CENTER FOR JLBC LESSONS LEARNED
Unwilling to Listen
When planning our first small arms range as an officer in charge (OIC)/ noncommissioned officer in charge (NCOIC), my PL and I went over
the plan multiple times. I recommended we work on a chow/water plan
into the range, making time in the timeline for chow, and having a water buffalo on-site. Just out of Ranger school, my PL wanted the platoon to eat on the move and carry water. Despite me telling him the commander would not go for it, he briefed his plan during the training meeting. The commander came down on him. Luckily, I supported my PL, telling the commander we would rotate Cadet off the line for chow and that I had planned to take water cans out with us. After our first range, we started working better together, but it was challenging to overcome his lack of trust in me.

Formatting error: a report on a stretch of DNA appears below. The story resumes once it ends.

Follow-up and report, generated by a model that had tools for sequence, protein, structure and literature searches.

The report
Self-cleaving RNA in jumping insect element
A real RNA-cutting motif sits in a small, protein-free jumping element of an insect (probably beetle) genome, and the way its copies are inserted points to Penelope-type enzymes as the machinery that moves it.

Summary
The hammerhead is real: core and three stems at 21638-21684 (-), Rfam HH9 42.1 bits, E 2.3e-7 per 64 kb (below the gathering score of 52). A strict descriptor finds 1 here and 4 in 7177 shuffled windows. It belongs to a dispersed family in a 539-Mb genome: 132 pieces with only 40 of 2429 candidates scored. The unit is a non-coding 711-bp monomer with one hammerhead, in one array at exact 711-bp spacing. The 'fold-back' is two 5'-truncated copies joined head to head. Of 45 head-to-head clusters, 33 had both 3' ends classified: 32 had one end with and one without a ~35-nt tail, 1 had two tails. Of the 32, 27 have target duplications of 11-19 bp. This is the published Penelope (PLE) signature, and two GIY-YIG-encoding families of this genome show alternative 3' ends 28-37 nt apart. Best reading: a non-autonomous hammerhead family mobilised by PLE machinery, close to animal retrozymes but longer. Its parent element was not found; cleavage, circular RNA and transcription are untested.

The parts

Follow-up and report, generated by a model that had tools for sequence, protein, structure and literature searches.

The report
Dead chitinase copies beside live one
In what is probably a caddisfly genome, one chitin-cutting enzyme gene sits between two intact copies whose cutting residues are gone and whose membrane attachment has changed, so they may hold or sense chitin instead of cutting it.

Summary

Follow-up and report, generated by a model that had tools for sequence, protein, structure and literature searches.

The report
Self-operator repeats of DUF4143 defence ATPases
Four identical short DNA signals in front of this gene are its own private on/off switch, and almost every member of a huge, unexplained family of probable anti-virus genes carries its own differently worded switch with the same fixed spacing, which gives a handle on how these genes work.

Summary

— Military police PSG
When I took over as PL, my battalion was on a read cycle, and we had cadets supporting multiple taskings from the platoon. It was hard
to get all the squad leaders together daily for meetings. I decided to
start sending out updates and taskings by text so we could all share information in real-time. This worked for a few days until I sent out
“I need two vehicles dispatched Tuesday by 0900 to support a company preparing a defense in the training area (TA) 16.” My squad leaders dispatched two interim high-mobility engineer excavators (themes). These are great for digging individual fighting positions, but the company wanted vehicle-fighting classes. After getting chewed out, I started
a 1600 meeting with all squad leaders and team leaders. At times, not everyone was there, but the time spent face-to-face with my NCOs helped us communicate better.
— Engineer PL